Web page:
Futureproofing your data centre
As vital as they are to our modern economy, data centres are not immune to the onslaught of energy-efficiency legislation. But staying one step ahead is not as daunting as it seemsIn the sobering wake of the Stern report, the rallying cry came from the very top. The Prime Minister himself went public with his fears, labelling the findings both "overwhelming" and "disastrous".
The 700-page document spells out the consequences of carbon emissions upon the ailing environment: floods from rising sea levels could potentially displace up to 100 million people making one in six people a climate refugee. Wildlife will be severely affected with up to 40% of species facing extinction.
Oh, and the global economy could shrink by at least 20%.
The more cynical among us may speculate that the latter point has proved to be the catalyst for the recent legislative onslaught in the name of Mother Nature. But it is here to stay: environmental regulation is a reality and it will certainly increase over the next 20 years. Sir Nicholas Stern did not pull his punches as he pointed the finger of blame firmly at the industry and power sectors, who, according to his report, are responsible for 38% of the carbon suffocating the planet.
With a power requirement of anything up to 50 times that of equivalent office work space, data centre operators and owners should be well aware that this wave of regulation and legislation is likely to have a disproportionate impact upon them. With this in mind, how do we manage this regulation and work with it, rather than find ourselves standing against it?
It seems unlikely that data centres are going to become pariahs for the regulators - like the new tobacco. There is widespread understanding that a reduction in carbon emissions needs to be achieved without inflicting a terminal sucker-punch to the economy.
In an age where the economy is driven by global internet computing, data centres are indispensable. Fact. If anything, it can be argued that the move to lower emissions is very much in line with data centre owners' interests; considering the current cost of electricity, anything to reduce power consumption would be welcomed.
Simply stated, the primary challenge for the data centre industry is to keep ahead of the regulatory curve by making significant and steady improvements, thus avoiding a legal headlock. The price of failure is huge. Imagine a world where the industry is saddled with impractical, cumbersome regulations that are unresponsive and contrary to business needs.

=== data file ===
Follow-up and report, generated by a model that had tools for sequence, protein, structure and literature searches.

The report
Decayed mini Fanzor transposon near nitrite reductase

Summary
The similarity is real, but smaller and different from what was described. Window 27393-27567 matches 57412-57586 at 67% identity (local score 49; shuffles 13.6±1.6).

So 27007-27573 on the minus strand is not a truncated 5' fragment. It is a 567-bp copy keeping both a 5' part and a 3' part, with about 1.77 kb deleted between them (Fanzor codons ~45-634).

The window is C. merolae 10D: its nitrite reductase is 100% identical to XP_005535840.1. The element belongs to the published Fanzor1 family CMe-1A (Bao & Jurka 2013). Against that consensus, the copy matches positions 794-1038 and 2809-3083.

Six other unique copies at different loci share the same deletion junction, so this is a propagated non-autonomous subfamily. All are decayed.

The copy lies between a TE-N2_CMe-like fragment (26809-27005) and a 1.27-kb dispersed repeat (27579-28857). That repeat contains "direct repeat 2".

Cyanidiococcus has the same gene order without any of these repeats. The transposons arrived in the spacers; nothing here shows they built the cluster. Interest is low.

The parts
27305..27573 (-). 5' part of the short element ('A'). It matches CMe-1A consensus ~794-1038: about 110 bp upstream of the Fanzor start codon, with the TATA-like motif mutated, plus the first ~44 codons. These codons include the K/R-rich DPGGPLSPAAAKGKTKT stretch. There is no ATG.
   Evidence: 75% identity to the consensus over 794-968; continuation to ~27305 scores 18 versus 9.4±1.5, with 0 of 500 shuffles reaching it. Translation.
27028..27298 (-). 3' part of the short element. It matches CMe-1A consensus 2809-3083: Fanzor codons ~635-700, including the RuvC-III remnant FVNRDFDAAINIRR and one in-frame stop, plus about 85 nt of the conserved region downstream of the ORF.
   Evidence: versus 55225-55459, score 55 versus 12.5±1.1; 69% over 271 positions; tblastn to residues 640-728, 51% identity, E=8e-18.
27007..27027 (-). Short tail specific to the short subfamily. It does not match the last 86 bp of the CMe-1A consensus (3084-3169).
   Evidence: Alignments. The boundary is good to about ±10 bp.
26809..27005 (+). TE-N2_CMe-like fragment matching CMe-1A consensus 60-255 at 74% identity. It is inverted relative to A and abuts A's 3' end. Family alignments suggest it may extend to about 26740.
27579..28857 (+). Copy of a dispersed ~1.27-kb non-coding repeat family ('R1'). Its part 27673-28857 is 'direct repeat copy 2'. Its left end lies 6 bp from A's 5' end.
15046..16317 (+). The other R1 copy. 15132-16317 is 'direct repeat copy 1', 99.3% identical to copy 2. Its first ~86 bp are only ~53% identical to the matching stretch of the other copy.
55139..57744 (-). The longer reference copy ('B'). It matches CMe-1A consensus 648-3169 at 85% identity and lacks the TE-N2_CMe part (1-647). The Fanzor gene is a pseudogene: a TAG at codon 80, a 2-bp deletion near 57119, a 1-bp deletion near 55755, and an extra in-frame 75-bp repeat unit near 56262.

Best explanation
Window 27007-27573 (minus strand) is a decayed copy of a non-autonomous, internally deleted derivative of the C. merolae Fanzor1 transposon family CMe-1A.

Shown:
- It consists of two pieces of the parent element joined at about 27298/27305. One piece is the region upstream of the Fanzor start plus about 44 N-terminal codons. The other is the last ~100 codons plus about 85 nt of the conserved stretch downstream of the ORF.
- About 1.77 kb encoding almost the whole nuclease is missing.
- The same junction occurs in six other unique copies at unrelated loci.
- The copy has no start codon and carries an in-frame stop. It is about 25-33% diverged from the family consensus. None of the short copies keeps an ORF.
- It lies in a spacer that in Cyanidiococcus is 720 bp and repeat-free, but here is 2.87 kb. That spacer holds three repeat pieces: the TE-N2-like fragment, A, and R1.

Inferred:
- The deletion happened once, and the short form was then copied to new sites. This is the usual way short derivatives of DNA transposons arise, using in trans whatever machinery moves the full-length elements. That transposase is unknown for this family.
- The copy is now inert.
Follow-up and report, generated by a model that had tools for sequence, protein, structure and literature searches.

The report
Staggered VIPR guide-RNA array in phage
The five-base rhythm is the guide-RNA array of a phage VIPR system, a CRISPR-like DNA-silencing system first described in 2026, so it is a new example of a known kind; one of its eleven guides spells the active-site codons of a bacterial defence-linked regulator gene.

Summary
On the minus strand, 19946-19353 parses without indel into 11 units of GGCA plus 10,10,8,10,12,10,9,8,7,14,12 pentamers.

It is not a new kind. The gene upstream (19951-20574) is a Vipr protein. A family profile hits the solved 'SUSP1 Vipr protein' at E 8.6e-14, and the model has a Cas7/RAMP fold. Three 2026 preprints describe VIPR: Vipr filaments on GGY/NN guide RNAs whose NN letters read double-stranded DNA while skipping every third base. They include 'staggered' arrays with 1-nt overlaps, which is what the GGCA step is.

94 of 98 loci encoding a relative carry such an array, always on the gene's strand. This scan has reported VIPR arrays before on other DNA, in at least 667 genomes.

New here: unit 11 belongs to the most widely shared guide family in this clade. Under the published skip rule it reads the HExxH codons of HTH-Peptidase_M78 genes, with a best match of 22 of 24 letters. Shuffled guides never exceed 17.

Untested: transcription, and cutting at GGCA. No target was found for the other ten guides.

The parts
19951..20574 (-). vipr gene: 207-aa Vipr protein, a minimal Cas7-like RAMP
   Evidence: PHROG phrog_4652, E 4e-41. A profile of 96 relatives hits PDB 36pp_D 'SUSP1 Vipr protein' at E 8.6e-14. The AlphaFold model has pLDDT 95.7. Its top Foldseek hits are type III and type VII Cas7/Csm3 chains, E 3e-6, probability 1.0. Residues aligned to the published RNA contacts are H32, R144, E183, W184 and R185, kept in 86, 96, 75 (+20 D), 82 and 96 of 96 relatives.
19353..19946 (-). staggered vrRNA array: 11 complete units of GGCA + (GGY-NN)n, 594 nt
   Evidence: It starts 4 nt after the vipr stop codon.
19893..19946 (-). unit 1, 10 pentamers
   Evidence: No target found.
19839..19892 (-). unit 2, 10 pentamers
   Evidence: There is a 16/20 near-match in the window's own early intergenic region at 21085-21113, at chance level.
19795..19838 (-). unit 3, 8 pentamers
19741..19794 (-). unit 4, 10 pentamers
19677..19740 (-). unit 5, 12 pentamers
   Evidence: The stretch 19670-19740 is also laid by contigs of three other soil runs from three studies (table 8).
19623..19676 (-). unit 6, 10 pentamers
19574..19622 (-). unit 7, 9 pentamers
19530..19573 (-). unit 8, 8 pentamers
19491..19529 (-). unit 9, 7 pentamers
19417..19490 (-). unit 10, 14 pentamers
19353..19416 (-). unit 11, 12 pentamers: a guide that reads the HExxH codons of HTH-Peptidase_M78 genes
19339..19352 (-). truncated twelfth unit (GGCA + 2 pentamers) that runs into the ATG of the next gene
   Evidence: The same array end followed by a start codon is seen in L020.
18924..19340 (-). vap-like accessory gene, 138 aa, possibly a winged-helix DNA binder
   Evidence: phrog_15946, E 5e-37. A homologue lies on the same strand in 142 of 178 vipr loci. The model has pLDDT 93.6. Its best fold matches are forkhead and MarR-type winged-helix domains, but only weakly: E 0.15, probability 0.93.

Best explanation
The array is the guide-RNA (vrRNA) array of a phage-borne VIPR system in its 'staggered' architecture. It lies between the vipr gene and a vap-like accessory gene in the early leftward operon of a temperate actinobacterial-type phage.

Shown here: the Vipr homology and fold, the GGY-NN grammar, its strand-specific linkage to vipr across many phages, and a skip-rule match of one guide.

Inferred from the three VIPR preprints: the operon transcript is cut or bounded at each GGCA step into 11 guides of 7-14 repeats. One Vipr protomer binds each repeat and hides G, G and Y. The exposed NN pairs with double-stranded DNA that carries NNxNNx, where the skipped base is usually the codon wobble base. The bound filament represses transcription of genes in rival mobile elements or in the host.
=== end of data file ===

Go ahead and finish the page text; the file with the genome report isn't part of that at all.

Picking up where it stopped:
It is not all doom and gloom, though. Aligning business processes by which we manage data centres to the ideology of a low-carbon economy is not as daunting as it sounds. According to Defra, the principles of a low-carbon economy should focus upon the extraction of energy from low-carbon and renewable resources, such as wind, wave and tidal power. Furthermore, there should be an emphasis on the use of energy-efficient products and a proactive policy on recycling should be wholeheartedly embraced.
In the data centre industry, we already have the ability to start sourcing and increasing the use of energy from green suppliers. Wind, wave or solar power does not need to be generated on-site - it can be fed into the grid from anywhere. A company policy to seek out renewables from energy supplies is an achievable first step in reducing the carbon impact of the data centre.
Similarly, the introduction of purchasing strategies that favour easily recyclable products, packaging and redundant kit is easy to introduce and will immediately decrease the overall environmental impact of data centres.
Furthermore, policies to manage lighting - such as using low-energy bulbs, zoning, switching off when not in use - can have a rapid and dramatic effect on energy usage and, in turn, emissions.
As a business facility, the data centre needs to incorporate these principles through the rigorous enforcement of processes that aim to decrease emissions. As high-energy users, data centre operators should assess their current situation in order to measure the improvements and progress achieved by taking such actions.
Environmental regulation will go as far as it needs to in order to safeguard our environment - and economy. Meanwhile, the data centre industry has to adopt procedures to its everyday operations that support the principles of a low-carbon economy, while being able to fulfil the requirements of its businesses goals.